(At which point I said, despondently,"Well, the person who'll get the last laugh in all of this is the devil." But the SnifflyOne calmly replied,"No, God will get the last laugh because he will use all this, even the disobedience and sinfulness of humans, for his glory." And the OverworkedOne added later, stabbing a fry in the air to emphasize the point,"God wouldn't think it much of a laughing matter. He will judge us for our sin and rebellion. But yes, ultimately, in the end, he will definitely win.")
Pilgrim's Progress
How nice it would be if all temptations were nicely and clearly labelled a la "Pilgrim's Progress". We'd all give Doubting Castle a wide berth, as we would Vanity Fair (where pilgrims are pressured into purchasing all sorts of vanities: houses, lands, trades, places, honors, preferments, titles, countries, kingdoms, lusts, pleasures, and delights of all sorts, as wives, husbands, children, masters, servants, lives, blood, bodies, souls, silver, gold, pearls, precious stones...). And how helpful it would be if all people were conveniently named so we'd know whom to walk alongside and whom to ignore: "Hullo, your name's Mr. Worldly Wise? Oh, right. Good day to you then."

But life is not a pantomime or a morality play where situations are clearcut and people are either wholly good or wholly bad.

Neither is life anything like Doom: there are no God-mode cheats or invincibility hacks available here.

But we do have better stuff: God's word - the lamp for our feet, Jesus - on whom we can fix our eyes (Hebrews 12:2), the Spirit who helps us in our denying of self and cross-carrying, and God's promise - for those whom he foreknew he also predestined to be conformed to the image of his Son, in order that he might be the firstborn among many brothers. And those whom he predestined he also called, and those whom he called he also justified, and those whom he justified he also glorified (Romans 8:29-30).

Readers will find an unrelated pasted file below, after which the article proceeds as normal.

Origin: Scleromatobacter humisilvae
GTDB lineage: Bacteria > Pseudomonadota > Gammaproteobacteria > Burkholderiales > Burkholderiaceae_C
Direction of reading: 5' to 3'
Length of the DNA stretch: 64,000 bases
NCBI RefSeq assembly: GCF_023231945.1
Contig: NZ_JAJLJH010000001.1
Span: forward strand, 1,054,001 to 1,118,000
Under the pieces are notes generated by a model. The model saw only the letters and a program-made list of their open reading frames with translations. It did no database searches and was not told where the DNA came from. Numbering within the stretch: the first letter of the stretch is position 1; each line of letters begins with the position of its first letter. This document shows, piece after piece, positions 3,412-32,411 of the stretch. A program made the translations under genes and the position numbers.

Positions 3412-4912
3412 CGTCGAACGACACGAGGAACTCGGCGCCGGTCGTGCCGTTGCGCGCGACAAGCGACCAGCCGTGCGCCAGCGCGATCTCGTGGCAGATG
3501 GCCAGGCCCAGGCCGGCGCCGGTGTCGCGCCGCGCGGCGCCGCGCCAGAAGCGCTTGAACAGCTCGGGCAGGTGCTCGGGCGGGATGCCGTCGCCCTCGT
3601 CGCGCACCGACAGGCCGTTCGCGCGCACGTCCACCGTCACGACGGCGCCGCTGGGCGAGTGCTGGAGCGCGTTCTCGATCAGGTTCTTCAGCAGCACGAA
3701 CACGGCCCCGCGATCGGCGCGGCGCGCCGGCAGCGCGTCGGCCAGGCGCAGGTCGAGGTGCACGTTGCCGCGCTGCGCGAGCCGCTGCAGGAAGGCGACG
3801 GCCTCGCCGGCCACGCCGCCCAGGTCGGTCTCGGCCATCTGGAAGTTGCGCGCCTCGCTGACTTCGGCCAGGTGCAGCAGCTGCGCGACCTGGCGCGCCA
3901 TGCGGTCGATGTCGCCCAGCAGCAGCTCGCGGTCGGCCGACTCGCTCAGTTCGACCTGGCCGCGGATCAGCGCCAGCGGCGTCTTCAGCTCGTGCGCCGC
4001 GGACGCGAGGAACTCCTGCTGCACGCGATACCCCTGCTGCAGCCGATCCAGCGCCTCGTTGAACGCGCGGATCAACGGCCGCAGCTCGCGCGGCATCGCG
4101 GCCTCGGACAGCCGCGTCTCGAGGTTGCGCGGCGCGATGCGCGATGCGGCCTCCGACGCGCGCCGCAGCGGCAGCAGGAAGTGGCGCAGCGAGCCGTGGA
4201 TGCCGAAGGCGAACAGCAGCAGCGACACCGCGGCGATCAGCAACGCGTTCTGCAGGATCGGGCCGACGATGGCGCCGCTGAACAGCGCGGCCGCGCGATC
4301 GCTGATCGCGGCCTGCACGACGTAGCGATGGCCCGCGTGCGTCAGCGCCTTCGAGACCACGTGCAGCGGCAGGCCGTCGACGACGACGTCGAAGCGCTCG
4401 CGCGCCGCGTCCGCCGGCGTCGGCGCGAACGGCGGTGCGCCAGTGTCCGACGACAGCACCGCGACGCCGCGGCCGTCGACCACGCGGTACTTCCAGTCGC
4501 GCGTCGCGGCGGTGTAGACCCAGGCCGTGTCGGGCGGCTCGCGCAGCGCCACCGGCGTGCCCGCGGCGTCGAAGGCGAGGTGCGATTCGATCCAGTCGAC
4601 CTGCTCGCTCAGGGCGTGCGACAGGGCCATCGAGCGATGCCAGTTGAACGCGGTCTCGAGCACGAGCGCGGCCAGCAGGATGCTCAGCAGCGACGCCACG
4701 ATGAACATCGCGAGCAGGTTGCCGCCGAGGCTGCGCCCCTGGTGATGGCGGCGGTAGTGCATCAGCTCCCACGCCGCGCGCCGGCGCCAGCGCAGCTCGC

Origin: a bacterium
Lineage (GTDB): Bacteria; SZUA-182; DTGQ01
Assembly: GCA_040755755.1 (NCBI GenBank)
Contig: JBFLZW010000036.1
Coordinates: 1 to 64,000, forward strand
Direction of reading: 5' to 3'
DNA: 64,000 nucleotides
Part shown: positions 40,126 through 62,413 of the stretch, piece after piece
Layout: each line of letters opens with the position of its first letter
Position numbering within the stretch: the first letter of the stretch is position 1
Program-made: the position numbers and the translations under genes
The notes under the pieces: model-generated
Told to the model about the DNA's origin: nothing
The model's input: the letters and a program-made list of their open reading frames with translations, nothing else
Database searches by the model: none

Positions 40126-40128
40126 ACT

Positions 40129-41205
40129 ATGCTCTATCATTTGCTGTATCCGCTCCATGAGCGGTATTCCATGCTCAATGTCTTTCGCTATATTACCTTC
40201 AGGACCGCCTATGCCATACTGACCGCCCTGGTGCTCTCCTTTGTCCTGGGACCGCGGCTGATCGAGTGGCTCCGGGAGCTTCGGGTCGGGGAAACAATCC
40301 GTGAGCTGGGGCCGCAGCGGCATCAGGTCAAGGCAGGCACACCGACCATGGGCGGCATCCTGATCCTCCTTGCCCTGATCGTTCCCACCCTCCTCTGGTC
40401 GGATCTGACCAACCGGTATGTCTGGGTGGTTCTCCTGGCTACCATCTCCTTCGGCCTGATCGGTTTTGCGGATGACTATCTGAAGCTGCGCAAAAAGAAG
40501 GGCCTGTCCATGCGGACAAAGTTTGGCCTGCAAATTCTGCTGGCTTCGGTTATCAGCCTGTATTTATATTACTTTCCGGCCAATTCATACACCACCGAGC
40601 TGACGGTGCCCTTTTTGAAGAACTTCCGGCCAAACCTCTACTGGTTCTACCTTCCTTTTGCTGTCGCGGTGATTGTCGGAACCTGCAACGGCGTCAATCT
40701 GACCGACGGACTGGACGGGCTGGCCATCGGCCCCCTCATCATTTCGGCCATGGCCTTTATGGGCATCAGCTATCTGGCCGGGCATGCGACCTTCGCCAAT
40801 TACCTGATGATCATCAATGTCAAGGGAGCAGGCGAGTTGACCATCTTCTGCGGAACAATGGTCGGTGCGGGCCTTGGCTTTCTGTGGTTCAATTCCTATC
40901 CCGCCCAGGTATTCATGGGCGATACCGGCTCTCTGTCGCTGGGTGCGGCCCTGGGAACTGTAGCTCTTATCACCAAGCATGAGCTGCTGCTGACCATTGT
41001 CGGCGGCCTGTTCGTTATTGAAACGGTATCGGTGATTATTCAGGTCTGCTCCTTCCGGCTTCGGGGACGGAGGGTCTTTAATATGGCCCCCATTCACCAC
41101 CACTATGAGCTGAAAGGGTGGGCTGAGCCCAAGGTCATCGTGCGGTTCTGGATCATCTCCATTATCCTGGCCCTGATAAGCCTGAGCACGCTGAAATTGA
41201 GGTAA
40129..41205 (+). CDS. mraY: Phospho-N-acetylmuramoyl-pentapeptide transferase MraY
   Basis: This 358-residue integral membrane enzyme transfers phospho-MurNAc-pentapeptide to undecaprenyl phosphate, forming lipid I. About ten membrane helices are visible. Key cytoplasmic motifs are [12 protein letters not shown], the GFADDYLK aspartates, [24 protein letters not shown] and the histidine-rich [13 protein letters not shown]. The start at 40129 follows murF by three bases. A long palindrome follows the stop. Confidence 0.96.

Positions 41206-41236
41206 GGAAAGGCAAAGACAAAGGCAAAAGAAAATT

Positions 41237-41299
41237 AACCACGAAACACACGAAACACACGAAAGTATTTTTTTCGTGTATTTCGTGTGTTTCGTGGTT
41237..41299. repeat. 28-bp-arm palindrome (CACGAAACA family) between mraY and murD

I suppose for the rest of the days of our lives, the daily, even minute-by-minute, temptation will always be to embrace ourselves, to cast off the cross, to live comfy lives unharrassed by the (increasing) evidence of our own depravity and unhindered by the constant struggle to replace God as king in our lives. Yet, if we remember the faithful who have gone before us on this road, if we are surrounded by such a great cloud of witnesses, let us throw off everything that hinders and the sin that so easily entangles, and take up our cross, and run with perseverance the race marked out for us. Let us fix our eyes on Jesus, the author and perfecter of our faith, who for the joy set before him endured the cross, scorning its shame, and sat down at the right hand of the throne of God. Consider him who endured such opposition from sinful men, so that you will not grow weary and lose heart (Hebrews 12:1-3).